The responses of Mr. Calvin and convenience store manager Mohsen Almuflahi to Mayor Bloomberg’s new bill for NYC brings up an interesting point regarding the political health agenda issue. Is “out of sight” really “out of mind”? I would have to agree with Mr. Calvin that it is not the display of the cigarettes that instigates the purchase. According to the CDC, tobacco use is the leading cause of preventable deaths in the United States. So rationally there must be plenty of other factors involved with the conscious purchase of a product that has been proven to be deadly. However, I also believe that the implementation of Mayor Bloomberg’s bill doesn’t inconvenience anybody, “if they want to smoke, they’ll smoke anyways”. There is no actual harm of cigarettes not being on display and this bill has the potential to save a person from a debilitating addiction.
This bill immediately reminds me of the recent bill that imposed restrictions on the size of fountain drink container that could be sold at restaurants and convenience stores. While the intention of this legislation is pure, I think it's very naive to think that these regulations are actually going to change anything in terms of the level of tobacco use.
In addition, making retailers hide tobacco products trots very closely to the line of First Amendment rights to free speech, and through that, the right to advertise products. Besides, tobacco products are required to be displayed behind the counter, which is for the consumer the only product that can't be reached. Writing legislation for this issue is a waste of time, and I think Mayor Bloomberg and the government of New York City could focus their time on more pressing issues.
I believe that Mayor Bloomberg is mistaken with his hopes for the effects of this bill. He believes that if the cigarettes are out of the public's eye then there will be a reduced want or need to smoke. A cigarette addict will not change his/her mind about purchasing another pack of cigarettes simply because the packs are hidden from view. The purchase will still be made just like it has in the past. In addition, I don't believe that this will deter new people, primarily the younger population, from buying their first pack of cigarettes. Cigarettes are a predestined purchase, not an impulse buy, so I believe this bill will do very little to change the overall cigarette or other tobacco sales.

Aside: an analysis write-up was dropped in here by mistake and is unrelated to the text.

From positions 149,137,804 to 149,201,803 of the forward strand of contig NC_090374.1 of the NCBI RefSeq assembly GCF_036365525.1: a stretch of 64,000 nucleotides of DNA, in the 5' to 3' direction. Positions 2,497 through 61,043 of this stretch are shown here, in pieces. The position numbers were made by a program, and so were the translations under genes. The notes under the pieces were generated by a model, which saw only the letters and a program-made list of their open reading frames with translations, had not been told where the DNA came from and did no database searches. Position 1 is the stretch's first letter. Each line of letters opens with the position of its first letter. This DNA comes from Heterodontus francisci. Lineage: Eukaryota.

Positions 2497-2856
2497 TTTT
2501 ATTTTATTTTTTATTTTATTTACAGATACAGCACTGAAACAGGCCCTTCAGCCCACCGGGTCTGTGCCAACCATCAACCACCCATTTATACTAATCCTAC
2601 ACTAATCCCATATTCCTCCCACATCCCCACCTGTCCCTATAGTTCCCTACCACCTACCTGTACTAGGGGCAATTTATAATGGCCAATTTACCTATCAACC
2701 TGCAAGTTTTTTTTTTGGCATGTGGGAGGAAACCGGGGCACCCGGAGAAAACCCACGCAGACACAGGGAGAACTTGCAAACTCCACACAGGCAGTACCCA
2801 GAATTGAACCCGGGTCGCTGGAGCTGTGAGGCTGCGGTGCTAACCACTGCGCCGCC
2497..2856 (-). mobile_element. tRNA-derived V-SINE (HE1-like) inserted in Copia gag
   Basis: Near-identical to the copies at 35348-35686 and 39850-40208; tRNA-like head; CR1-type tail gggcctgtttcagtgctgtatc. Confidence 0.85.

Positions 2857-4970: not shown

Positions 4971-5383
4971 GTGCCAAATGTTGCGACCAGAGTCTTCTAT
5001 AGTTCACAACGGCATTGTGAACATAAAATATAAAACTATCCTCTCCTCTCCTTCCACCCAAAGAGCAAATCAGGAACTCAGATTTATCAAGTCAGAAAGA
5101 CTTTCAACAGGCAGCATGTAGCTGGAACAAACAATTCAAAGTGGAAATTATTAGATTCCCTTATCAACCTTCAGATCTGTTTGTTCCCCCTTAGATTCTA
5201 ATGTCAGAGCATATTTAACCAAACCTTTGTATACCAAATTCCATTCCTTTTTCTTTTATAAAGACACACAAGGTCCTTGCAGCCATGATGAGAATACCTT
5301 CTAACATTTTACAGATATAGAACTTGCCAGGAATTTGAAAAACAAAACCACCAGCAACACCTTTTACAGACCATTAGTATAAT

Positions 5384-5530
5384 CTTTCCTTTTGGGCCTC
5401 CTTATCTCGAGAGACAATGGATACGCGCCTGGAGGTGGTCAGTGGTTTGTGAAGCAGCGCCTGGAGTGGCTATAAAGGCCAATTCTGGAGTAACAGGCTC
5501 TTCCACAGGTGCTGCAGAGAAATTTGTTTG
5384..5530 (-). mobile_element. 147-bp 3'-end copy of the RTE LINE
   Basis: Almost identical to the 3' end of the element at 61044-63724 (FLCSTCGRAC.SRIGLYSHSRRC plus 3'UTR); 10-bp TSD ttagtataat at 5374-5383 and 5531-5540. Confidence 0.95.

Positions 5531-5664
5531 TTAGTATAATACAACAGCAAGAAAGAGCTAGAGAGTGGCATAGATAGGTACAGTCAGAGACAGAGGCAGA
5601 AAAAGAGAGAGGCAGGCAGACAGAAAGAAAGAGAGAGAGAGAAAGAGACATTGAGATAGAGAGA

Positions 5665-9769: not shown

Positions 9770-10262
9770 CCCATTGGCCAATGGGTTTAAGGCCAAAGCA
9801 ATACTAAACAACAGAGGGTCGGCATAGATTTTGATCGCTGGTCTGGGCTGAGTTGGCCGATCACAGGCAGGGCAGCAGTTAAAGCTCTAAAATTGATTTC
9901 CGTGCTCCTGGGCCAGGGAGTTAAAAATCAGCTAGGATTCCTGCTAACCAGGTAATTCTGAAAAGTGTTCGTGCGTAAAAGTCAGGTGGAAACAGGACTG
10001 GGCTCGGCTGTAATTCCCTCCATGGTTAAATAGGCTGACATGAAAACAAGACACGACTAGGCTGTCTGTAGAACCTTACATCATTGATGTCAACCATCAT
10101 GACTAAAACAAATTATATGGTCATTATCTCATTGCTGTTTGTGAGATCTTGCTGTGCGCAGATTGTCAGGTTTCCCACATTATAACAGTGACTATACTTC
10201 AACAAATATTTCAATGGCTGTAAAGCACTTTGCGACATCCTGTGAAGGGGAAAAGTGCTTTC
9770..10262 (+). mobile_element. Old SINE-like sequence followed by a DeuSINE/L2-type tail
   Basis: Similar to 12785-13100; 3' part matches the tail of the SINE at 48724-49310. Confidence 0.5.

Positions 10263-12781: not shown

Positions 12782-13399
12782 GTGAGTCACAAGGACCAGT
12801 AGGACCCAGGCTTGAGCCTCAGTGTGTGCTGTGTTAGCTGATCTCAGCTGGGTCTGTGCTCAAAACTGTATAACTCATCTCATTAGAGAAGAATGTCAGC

However, I believe that this bill will effect the individual sales of tobacco companies. In present day, there are very few mediums that allow tobacco companies to advertise. The unique packaging is usually seen for the first time on the behind the counter shelf and can be the first time a person is made aware of a new brand, flavor, or feature. This lack of advertising will change the distribution of sales and hurt some tobacco companies while helping others.
I would have to agree with Mr. Calvin that it is not the display of the cigarettes that instigates the purchase. According to the CDC, tobacco use is the leading cause of preventable deaths in the United States.
While I am not a smoker or fan of tobacco products, this rule is pretty bogus. Too many people in this country smoke and will continue to buy cigarettes whether they see them on display or not. Similarly, I don't believe that somebody goes into a convenience store and buys cigarettes just because they see them. If the government wants to crack down on smoking they should re-evaluate the legality of cigarettes or research and develop a safer and healthier product.
Mayor Bloomberg is known for trying to pass crazy new rules concerning public health. Some catch on and are adopted by other cities around the country while others are deemed ridiculous. I believe that harmless "nudging" is ok. For example, putting healthy foods at eye level in grocery stores to encourage consumers to buy healthy. However, Bloomberg's new bill is not a nudge, it is outright hard legal paternalism - i.e. the government is using the law to force people to act for their own benefit. Competent consumers should be allowed to make their own decisions regardless of the cost/benefit to their health. John Stuart Mill is turning over in his grave!